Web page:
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Most of us live with a number of personal frustrations and miseries, but the city always offers innumerable activities, sensations, and pleasures that allow one the chance to escape for a time. Clearly, one of city's strongest assets is that its public world provides the kind of solace that can, at least temporarily, cauterize one's private pain.
For example, in the last month my wife and I ate at two elegant restaurants during New York Restaurant Week-two winter weeks where, as a promotion, some of the best of the city restaurants offer three-course prix-fixe menus for lunch or dinner at prices people of ordinary means can afford.
Our normal style is to eat out at reasonably priced ethnic restaurants that offer good food, but make little fuss about their service or how they look. So I'm a bit wary of eating at a restaurant like Danny Meyer's (also of Union Square Cafe fame) Gramercy Tavern that has extremely attentive and knowing waitresses and waiters, that serves inventive, subtly flavored food displayed like a carefully composed work of art (e.g., a dessert of passion fruit sorbet on top of coconut tapioca), and that has a warm, inviting rustic-style decor. I was put at ease, however, by the fact that the diners at the surrounding tables weren't formally dressed and exuded neither wealth nor hauteur, but were a comfortable mix of Japanese tourists, retired secretaries, schoolteachers and academics, and young corporate executives and students. Eating at Gramercy Tavern was pleasurable, but given my usual ascetic lunches of farmer cheese, non-fat yogurt, and fruit, I felt the food and accompanying sauces were much too rich for me to indulge in more than once or twice a year.
On another afternoon we visited NYU's Grey Art Gallery, located on 100 Washington Square East that offers four to six art exhibits (Diane Arbus: Family Albums) a year. Their latest, The Downtown Show: The New York Art Scene 1974-84, from January 10 to April 1, 2006, displays the work of 175 painters, sculptors, photographers, musicians, performers, filmmakers, and writers who could afford the now inconceivable low rents of SoHo lofts and Lower East Side tenements. Downtown artists bridged the gap between high art and mass culture, they removed avant-garde art from isolation in elite circles, and directly confronted social and political concerns. It was a world of ferment and experimentation, and the gallery is filled with posters, photographs, paintings, videos, and books and magazines from the era. I don't have great affinity for most of the art exhibited, but still there were a number of original, raw, and subversive works that pushed the limits of traditional artistic categories, and grew on me with repeated viewings.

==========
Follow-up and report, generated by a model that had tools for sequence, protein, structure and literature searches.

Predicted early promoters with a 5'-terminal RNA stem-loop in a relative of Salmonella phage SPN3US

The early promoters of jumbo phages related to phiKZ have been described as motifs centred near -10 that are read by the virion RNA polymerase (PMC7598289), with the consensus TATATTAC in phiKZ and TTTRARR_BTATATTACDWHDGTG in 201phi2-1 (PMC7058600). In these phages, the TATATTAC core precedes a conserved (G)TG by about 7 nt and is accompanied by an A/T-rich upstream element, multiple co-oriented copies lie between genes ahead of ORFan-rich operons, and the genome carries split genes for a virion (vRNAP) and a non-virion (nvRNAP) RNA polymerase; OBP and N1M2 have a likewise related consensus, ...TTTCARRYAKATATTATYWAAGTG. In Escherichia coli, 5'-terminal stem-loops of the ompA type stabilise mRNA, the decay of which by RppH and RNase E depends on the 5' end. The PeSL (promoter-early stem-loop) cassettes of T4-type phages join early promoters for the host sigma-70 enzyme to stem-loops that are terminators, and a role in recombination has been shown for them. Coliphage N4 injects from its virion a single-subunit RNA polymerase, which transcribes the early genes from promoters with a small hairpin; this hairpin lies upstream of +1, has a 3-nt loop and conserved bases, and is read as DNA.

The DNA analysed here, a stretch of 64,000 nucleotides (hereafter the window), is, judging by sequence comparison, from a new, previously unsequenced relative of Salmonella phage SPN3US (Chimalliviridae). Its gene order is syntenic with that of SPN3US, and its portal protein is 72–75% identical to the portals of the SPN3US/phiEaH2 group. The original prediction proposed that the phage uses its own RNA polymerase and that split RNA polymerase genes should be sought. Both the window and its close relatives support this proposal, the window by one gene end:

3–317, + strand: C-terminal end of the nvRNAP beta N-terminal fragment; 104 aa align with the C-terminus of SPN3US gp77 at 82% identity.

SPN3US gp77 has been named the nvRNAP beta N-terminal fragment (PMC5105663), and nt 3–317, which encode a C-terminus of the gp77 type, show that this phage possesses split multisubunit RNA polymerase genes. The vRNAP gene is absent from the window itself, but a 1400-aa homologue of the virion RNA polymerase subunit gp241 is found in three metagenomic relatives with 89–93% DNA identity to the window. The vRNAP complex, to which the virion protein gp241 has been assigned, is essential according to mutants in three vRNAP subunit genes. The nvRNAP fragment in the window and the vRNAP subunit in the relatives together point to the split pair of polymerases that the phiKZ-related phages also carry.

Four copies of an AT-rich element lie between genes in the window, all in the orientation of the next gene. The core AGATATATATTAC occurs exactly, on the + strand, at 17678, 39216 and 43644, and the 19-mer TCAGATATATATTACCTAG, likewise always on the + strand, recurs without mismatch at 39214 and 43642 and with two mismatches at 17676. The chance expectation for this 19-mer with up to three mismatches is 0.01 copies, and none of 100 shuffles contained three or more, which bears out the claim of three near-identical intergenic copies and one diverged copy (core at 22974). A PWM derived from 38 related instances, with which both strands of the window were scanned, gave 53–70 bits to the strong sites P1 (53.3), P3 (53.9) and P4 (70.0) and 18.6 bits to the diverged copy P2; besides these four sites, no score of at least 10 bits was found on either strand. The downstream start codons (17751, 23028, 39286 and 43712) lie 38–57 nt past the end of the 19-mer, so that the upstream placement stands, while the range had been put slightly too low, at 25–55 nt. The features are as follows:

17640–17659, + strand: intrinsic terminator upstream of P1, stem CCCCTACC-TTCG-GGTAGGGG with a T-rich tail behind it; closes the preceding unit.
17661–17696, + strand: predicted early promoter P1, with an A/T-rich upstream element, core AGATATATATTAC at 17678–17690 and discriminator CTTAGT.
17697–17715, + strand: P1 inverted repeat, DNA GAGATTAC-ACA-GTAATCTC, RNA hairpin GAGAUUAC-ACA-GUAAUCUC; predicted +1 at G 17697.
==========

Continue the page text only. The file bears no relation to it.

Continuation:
But if one's intellectual and artistic predilections are not so avant-garde-like mine- the city offers a plethora of lectures and symposiums (most of them free) almost every night of the week-at the 92nd Street Y, Cooper Union, the CUNY Grad Center on 365 Fifth Avenue (e.g., this spring Joan Didion reads from her latest book and Arthur Schlesinger Jr. is on a panel on Jacksonian Democracy) and the New York public library, among other places.
Having spent my professional life lecturing and taking part in symposiums, I don't usually feel an urge to attend lectures. But one evening I did go with a friend to the 42nd Street Library to listen, with a great many other white-haired people, to a number of writers and critics perceptively and, at moments, eloquently discuss the work of Henry Roth on his centenary. Roth was the author of one of the masterpieces of American literature, Call it Sleep - a mixture of Joycean modernism and richly textured urban realism. He also wrote, after six decades of silence, Mercy of a Rude Stream, an autobiographical quartet of novels that depicts, in a more direct but less literary writing style, his painful coming of age in the Harlem of the teens and twenties.
There are also more active ways to enter the city's life than by going to a restaurant or attending a lecture. I always have my city walks. So one morning, the streets still packed with mounds of snow and gray slush, I trudged from my apartment towards the meatpacking district, located near the Hudson River in the northwest corner of Greenwich Village. It was once home to 250 slaughterhouses and meatpacking plants, but is now filled with a hip young crowd (e.g., actors, models) and with clubs, high-end fashion designers, the ultra- chic luxury Hotel Gansevoort, and a spacious, handsome bistro like Pastis that serve them. One can only be hopeful that the meatpacking district's recent designation as a protected historic area will preserve what is left of its distinctive cobblestone streets, brick facades, metal awnings, and remaining meatpacking plants.
It was merely a walk, but for the moment it made me happy-just as the rest of the city's public life acts as a balm to those who are able to open themselves up to its infinite delights.